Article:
a review by Nat Frothingham
Inventor, thinker, scientist, businessman, problem-solver, active citizen, writer — Moretown, Vt. resident Wavell F. Cowan comes very close to being the ideal Renaissance man.
Cowan was born in Brooklyn, New York, but spent a big chunk of his life in Canada and very early in his impressive career was hired out of graduate school to go to Glasgow, Scotland, and confront the problems of a paper mill that by his own account “had gotten into serious financial difficulties.” Cowan spent three exciting years at the Glasgow paper mill and registered some notable successes. His biggest personal gain was a belief both in the power of scientific thinking and a growing confidence in his problem-solving abilities.
While his road was not easy, in due course Cowan invented process equipment and test instruments and started a company now called Pulmac Systems International. Pulmac equipment can be found today in pulp and paper mills across the world.
Now, Cowan has written a book drawing on his varied experience as a scientist, inventor, businessman and active citizen. “Escaping an Evolutionary Dead-End” is Cowan’s meditation on the need to employ scientific thinking not just where scientific thinking has been typically employed. Yes, it’s Cowan’s view that we’re in a current dead-end rut. But he argues we can get out of that rut. And the question he asks is this, Why can’t we apply scientific thinking as we tackle such current social problems as education, the economy, health care and the environment?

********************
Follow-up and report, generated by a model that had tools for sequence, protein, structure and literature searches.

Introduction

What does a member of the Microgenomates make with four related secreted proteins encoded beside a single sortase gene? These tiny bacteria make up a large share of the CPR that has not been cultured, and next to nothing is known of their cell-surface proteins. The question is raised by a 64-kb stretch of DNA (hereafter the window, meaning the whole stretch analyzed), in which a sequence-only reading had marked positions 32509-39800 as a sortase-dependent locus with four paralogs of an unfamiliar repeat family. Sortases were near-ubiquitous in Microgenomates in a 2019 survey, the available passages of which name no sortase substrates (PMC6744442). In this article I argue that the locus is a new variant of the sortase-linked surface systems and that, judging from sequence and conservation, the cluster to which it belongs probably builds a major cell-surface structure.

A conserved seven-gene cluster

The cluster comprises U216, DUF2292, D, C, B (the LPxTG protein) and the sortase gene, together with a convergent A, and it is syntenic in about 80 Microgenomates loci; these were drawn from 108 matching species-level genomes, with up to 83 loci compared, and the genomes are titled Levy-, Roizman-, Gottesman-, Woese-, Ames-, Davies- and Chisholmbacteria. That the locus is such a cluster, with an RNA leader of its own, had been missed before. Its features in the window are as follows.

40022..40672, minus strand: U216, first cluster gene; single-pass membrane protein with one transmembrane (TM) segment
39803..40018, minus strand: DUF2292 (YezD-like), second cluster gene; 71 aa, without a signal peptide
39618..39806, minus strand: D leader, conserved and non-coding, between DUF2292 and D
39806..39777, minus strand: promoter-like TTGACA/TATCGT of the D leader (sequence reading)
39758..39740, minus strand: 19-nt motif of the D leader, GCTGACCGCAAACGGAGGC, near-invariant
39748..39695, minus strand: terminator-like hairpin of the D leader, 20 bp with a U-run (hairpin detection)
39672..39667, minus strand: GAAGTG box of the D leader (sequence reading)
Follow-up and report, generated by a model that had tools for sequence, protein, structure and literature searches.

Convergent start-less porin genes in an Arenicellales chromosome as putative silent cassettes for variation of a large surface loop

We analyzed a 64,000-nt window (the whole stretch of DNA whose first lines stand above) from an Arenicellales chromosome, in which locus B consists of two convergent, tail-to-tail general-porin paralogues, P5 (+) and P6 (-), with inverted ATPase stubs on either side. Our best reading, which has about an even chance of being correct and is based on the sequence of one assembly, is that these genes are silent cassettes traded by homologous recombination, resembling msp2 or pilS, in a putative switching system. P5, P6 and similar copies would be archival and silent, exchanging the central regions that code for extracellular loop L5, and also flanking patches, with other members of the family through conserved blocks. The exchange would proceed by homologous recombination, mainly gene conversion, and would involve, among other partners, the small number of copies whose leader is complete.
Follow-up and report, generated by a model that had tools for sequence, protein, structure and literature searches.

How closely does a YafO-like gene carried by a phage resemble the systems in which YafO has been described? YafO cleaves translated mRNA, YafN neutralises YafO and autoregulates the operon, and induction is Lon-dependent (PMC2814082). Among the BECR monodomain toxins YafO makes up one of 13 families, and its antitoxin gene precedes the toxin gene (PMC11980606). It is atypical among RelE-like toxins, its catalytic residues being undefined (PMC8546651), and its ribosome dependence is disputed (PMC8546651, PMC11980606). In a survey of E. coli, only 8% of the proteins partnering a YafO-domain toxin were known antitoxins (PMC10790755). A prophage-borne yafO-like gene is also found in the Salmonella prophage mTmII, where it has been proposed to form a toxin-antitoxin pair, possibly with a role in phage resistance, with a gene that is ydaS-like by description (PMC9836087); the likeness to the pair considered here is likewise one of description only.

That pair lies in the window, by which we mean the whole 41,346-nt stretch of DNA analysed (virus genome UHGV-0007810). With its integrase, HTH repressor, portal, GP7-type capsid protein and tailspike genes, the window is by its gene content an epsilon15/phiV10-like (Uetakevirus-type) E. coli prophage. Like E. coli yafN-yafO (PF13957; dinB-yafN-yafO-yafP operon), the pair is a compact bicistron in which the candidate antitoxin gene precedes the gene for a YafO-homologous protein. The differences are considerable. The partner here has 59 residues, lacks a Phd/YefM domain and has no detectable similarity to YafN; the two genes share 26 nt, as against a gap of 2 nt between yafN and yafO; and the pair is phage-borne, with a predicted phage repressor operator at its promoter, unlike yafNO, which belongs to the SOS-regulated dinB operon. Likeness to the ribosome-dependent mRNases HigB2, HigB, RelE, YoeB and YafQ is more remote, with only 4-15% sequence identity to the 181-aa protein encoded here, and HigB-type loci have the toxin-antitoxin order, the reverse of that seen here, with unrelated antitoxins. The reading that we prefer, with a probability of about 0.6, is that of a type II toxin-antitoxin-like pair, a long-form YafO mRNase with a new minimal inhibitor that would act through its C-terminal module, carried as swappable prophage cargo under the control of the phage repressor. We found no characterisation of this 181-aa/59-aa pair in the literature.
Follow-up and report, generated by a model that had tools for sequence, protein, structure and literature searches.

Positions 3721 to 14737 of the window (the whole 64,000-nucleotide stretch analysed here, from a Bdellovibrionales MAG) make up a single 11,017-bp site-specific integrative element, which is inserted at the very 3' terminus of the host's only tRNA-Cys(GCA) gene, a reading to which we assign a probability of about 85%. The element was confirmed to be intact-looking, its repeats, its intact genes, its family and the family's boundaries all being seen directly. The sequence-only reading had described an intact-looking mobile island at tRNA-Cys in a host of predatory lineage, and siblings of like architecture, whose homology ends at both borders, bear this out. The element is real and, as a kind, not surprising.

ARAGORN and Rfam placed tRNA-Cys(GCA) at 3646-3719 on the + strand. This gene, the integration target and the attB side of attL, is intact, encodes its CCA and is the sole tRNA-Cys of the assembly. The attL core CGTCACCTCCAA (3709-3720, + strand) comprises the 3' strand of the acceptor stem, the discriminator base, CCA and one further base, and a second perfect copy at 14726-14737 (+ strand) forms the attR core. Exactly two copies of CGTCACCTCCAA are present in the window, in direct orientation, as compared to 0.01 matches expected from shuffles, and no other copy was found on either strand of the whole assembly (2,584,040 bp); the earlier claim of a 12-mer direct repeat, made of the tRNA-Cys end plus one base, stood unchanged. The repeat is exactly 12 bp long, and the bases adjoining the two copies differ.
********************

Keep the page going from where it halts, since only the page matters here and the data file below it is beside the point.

In a recent interview with Cowan, I found him interested in discussing what he knew as opposed to making scattershot comments about things he knew very little about.
Cowan did acknowledge the stupendous revolutionary achievements of modern science over the past 300 years — a science that has delivered such things as labor-saving devices, electronic communications including the Internet, steamships, cars, planes, miracle seeds, medicines and medical interventions and spacecraft that can take us to the moon and let us explore the planet Mars.
Cowan is not suggesting that we ditch these impressive inventions. In fact, he believes that it’s at least partly because of the inventions we have at our disposal today that we can maximize our efficiencies by working not in large but in smaller organizations and units.
In his work with pulp and paper mills, Cowan spent a large part of his adult life dealing with large businesses in the paper industry and he observed that, in general, larger businesses displayed greater dysfunction than smaller businesses. In large organizations, employees had often lost their motivation and enthusiasm. Instead of producing manufactured items that were of higher quality and lower cost, such items were often of lower quality and higher cost. Inevitably, a large company was divided into large departments and instead of seeing adventurous thinking and innovation, people were often playing it safe, playing politics, instead of asking searching questions and challenging the status quo.
In sum, Cowan believe that the driving force for going large has disappeared. Instead he contends, “Small organizations can do what large organizations could only do before.” And he observes, “Small organizations do not produce the same sorts of problems that large organizations do.”
In Cowan’s world, “small” is a cherished value. And another cherished value for Cowan is what he calls “pluralism.”